The opinion of the court was delivered by: BODY
This is a libel in admiralty filed by a merchant seaman, George M. Diddlebock, to recover maintenance and cure from his shipowner-employer, Alcoa Steamship Company, Inc. After the filing of the suit the libellant died on February 2, 1963 from causes not related to the subject matter of this litigation. His brother, Harry Diddlebock, was named administrator of libellant's estate by the Register of Wills of Philadelphia County on June 19, 1963. On July 1, 1963 by order of Court, the administrator was substituted as libellant in place of his deceased brother. In the course of this opinion all references to libellant will be of the deceased seaman, George M. Diddlebock.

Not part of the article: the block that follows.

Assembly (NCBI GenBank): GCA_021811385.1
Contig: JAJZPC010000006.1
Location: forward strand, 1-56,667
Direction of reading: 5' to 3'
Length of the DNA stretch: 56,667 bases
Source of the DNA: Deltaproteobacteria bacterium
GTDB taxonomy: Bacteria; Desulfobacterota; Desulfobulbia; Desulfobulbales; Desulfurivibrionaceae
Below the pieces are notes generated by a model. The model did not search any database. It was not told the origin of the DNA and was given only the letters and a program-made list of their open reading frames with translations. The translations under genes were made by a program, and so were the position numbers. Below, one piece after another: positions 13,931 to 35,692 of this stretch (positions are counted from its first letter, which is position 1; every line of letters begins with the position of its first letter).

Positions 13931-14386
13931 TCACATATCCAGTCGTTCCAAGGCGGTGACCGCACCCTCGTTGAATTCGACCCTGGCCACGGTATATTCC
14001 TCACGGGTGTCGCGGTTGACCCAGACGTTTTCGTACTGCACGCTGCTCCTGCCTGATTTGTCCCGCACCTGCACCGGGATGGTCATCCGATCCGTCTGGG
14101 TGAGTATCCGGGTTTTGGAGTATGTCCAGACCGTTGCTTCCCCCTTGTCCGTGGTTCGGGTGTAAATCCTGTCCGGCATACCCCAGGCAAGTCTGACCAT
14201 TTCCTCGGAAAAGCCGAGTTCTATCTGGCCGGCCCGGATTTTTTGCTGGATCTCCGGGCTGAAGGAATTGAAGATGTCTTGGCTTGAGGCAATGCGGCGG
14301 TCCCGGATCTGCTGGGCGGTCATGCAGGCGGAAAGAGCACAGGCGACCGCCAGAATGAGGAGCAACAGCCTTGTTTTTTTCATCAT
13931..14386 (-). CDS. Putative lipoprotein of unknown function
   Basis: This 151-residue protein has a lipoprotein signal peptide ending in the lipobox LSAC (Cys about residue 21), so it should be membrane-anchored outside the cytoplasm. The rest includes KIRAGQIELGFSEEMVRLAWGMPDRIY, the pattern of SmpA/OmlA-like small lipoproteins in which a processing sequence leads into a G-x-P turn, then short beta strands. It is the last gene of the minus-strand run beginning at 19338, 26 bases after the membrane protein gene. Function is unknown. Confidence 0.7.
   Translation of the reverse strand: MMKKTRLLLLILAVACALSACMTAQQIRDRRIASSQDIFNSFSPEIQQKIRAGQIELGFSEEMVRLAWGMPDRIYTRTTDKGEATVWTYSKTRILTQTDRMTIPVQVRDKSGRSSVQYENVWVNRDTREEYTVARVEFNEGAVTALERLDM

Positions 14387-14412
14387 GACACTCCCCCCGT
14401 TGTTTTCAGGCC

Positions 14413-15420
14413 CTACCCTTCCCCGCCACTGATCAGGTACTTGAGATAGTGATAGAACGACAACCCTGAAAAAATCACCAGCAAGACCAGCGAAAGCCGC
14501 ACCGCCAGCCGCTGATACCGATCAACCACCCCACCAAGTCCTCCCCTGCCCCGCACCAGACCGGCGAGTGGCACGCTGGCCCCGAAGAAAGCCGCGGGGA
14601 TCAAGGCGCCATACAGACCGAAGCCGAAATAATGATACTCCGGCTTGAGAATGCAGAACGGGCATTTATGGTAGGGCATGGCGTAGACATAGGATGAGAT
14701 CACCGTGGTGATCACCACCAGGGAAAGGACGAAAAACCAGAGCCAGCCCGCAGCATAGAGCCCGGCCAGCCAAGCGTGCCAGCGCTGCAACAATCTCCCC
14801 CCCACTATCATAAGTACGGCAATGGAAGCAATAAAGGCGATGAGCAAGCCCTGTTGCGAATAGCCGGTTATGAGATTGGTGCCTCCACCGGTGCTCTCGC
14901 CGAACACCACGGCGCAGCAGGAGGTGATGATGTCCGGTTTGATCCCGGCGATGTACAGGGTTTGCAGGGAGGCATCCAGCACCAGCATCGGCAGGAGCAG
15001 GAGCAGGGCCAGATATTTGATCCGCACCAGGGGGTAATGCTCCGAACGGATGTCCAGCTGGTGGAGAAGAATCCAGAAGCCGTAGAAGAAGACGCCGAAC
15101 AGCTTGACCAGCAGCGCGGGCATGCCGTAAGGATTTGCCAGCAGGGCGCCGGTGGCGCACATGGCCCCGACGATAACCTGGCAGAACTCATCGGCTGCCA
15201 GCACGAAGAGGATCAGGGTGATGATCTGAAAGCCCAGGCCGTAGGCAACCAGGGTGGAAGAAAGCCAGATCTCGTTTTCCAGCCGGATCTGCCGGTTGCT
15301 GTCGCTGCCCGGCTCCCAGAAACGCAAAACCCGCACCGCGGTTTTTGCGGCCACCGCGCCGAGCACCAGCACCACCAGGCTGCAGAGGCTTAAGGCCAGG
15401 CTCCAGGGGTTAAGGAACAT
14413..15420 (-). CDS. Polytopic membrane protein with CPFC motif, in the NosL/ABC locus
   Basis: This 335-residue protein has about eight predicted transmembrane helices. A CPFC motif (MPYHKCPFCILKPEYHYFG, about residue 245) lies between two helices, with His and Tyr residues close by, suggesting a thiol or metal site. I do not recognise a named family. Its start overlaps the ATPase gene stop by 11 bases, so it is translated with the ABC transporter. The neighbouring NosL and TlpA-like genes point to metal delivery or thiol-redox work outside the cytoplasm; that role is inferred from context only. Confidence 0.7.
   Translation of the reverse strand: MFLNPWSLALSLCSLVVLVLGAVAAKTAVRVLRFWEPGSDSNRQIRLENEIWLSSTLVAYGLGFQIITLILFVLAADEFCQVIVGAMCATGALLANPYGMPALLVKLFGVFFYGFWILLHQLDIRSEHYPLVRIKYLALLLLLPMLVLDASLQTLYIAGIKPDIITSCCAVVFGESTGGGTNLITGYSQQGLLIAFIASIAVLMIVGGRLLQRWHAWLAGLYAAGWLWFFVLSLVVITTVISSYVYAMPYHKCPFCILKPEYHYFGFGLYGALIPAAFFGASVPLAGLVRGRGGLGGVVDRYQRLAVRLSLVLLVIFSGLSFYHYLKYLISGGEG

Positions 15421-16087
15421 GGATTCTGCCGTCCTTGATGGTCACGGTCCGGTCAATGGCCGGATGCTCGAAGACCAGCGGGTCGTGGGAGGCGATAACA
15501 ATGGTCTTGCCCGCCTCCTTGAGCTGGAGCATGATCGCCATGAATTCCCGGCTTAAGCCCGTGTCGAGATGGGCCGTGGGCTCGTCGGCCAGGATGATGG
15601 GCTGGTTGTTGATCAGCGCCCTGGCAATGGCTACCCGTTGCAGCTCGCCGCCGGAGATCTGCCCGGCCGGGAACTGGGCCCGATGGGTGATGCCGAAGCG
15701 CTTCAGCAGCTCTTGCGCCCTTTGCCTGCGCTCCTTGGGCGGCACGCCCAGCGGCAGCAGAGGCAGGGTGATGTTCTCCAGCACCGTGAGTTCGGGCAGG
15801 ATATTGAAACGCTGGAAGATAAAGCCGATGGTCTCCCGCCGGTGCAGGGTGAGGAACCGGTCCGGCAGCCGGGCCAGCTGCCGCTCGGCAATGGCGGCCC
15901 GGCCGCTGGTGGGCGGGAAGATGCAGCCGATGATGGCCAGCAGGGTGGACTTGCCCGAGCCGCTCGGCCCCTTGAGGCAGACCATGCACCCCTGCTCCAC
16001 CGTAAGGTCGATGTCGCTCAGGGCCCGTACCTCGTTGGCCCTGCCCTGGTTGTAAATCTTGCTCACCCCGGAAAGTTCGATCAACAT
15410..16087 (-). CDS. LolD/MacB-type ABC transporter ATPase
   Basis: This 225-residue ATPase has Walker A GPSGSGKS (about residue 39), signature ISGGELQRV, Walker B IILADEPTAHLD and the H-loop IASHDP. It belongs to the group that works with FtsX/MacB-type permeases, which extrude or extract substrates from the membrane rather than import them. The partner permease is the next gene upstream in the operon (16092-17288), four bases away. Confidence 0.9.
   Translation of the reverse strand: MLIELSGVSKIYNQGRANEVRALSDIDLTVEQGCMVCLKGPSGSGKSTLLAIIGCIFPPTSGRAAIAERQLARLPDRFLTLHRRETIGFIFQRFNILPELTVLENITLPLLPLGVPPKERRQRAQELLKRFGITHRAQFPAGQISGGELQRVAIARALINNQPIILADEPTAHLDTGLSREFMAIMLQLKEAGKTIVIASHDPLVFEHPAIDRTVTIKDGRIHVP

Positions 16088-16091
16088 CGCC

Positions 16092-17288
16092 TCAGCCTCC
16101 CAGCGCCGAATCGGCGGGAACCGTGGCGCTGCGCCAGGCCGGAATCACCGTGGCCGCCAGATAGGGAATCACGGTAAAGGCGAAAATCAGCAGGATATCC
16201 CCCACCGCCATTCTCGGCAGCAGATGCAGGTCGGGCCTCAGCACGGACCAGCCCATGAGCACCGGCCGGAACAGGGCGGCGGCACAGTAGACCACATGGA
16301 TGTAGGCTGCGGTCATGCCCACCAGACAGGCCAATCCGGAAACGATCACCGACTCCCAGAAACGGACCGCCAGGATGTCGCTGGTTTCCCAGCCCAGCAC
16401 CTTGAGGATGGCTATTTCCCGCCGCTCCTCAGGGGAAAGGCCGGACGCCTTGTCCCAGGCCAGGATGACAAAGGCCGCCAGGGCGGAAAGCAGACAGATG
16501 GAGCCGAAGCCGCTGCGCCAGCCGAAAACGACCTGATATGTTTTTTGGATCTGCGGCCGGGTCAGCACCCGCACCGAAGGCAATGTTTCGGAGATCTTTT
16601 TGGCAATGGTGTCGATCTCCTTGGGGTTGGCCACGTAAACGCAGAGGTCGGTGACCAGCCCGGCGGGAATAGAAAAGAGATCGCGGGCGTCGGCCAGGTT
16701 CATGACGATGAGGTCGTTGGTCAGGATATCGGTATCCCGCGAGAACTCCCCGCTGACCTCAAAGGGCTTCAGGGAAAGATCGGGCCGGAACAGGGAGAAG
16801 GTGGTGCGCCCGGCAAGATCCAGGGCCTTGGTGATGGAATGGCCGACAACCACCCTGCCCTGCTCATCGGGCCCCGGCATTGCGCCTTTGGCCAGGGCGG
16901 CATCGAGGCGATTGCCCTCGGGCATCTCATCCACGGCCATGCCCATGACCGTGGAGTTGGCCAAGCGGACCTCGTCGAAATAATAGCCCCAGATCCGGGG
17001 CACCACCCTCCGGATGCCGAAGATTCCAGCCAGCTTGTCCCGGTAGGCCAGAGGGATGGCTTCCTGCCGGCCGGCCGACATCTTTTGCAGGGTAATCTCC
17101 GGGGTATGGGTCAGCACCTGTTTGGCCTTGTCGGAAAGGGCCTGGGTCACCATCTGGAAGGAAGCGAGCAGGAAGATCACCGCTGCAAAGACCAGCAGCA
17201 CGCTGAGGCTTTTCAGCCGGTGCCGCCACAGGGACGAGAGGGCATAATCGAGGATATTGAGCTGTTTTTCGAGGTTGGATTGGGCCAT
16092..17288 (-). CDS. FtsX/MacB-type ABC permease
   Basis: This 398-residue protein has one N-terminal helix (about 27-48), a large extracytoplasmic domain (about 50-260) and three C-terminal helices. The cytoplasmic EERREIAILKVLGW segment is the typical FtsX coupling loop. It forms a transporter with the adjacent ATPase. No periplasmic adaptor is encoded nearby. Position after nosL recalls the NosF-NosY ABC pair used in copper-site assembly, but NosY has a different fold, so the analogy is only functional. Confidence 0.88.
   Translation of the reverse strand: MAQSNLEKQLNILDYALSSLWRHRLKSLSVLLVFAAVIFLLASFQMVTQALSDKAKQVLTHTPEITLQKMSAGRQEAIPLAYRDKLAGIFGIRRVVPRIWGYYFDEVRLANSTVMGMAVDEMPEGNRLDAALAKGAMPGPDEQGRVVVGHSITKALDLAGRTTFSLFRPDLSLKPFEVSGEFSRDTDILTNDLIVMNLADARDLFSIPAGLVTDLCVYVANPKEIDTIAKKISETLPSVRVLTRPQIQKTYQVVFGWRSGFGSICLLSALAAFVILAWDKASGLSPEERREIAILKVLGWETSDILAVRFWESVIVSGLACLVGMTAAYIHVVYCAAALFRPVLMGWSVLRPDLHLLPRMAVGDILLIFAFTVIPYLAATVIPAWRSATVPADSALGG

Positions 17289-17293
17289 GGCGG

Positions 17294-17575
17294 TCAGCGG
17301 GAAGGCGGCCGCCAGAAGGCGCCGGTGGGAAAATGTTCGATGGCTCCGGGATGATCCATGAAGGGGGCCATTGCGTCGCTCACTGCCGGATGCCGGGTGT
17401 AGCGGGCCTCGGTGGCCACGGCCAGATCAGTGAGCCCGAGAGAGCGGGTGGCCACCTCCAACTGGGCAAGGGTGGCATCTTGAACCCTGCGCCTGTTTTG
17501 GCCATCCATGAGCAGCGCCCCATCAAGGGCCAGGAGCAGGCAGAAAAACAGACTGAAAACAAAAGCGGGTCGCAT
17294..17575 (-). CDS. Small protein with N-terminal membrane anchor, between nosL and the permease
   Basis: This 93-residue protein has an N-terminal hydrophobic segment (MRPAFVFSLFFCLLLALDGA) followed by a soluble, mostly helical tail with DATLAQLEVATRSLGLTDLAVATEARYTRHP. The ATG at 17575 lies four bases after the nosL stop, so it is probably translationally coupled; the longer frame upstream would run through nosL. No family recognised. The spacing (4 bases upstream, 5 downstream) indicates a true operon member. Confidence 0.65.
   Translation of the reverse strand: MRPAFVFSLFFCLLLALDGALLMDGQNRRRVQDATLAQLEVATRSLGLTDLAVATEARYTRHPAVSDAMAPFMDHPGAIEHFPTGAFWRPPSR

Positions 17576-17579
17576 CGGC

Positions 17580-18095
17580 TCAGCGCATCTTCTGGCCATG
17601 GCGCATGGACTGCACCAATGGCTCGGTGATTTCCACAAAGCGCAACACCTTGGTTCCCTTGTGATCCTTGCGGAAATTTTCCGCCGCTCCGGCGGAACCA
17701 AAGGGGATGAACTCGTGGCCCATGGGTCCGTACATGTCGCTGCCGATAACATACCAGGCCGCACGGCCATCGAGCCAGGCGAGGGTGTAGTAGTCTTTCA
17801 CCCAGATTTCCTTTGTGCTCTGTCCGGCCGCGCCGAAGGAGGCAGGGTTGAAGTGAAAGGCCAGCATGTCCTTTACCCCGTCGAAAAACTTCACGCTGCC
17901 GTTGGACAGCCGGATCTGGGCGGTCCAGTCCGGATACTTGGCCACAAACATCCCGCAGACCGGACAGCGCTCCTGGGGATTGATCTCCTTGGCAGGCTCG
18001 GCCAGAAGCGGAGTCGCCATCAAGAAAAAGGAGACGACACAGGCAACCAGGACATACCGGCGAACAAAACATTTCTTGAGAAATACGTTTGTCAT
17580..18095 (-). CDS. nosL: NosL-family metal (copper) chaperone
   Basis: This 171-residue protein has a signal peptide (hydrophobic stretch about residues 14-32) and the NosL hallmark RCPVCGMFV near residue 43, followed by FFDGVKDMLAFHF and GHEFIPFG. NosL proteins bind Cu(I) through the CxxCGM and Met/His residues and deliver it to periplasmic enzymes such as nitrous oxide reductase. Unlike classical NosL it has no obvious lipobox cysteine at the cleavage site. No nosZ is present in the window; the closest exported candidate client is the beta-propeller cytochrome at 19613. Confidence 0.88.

Libellant, a seaman in the United States Merchant Marine for approximately seven years, joined the respondent's ship SS. ALCOA PURITAN on December 25, 1959 under foreign shipping articles as a saloon messman. His base monthly wages were $ 284.52 excluding overtime. Libellant's living quarters were amidship and he shared a room with two other members of the steward's department, one of whom was Protasio Herrera. Their shower room was also located amidship, and was used by all members of the steward's department consisting of at least eight men.